Tuesday, October 30, 2012

Greece Poised to Vote on Austerity Measure

Even though the coalition government of Greece can't reach a consensus on required austerity measures from international lenders, putting off the vote for another week, there is no doubt a vote will soon come, as it is expected that some time next week draft legislation will be submitted for a vote.

Finance Minister Yannis Stournaras addressed reporters saying "All of the (draft legislation) will be submitted next week. I think there is no other way to do it."

The main battle among the coalition is between the conservative majority and the leftist representatives.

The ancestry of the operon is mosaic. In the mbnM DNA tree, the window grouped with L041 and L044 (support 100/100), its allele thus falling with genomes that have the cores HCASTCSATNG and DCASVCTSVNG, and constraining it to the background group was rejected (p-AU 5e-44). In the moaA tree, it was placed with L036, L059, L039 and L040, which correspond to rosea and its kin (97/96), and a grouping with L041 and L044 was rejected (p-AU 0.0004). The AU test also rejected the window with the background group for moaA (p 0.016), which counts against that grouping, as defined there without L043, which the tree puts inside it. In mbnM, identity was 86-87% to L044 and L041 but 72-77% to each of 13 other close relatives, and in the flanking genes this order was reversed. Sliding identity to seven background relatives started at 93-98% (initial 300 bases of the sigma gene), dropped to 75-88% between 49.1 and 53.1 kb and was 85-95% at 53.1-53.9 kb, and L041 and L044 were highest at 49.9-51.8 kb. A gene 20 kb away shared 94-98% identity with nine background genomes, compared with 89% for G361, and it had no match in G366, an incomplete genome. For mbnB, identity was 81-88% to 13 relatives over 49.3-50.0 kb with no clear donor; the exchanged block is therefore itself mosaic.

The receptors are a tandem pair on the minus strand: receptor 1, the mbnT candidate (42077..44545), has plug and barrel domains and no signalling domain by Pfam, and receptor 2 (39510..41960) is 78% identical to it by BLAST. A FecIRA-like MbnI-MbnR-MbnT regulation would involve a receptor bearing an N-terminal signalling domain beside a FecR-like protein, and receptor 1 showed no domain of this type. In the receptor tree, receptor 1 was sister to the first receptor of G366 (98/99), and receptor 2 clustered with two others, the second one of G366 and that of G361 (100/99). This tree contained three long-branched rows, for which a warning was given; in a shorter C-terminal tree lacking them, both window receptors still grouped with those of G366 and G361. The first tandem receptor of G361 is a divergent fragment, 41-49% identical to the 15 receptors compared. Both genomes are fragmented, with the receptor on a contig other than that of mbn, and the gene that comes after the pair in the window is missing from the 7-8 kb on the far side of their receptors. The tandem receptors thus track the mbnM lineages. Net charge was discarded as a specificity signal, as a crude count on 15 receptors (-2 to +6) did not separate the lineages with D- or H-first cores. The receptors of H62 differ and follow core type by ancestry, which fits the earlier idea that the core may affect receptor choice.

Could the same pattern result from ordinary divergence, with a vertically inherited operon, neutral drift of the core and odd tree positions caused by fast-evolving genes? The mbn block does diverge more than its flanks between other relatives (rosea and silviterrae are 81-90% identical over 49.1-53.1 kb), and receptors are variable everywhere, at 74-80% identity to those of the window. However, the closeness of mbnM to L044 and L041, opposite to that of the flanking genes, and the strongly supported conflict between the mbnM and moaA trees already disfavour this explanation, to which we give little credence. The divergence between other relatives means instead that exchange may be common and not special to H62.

Greece won't receive any more loans unless an austerity package is passed by its parliament.

The much needed labor reforms associated with the austerity measures are being opposed by the leftist, who say they will vote against the package if they aren't thrown out.

Greece Prime Minister Antonis Samaras said this concerning the chaos he sees as following in there is no agreement in place, "The problem is not whether we (introduce) this measure or that measure. On the contrary: It is what we would do if no agreement is reached and the country is led into chaos."

As usual, the selfish Greek unions are lining up to protest the implementation of another set of austerity measures, being unwilling to make concessions that will be economically forced upon them whether they like it or not.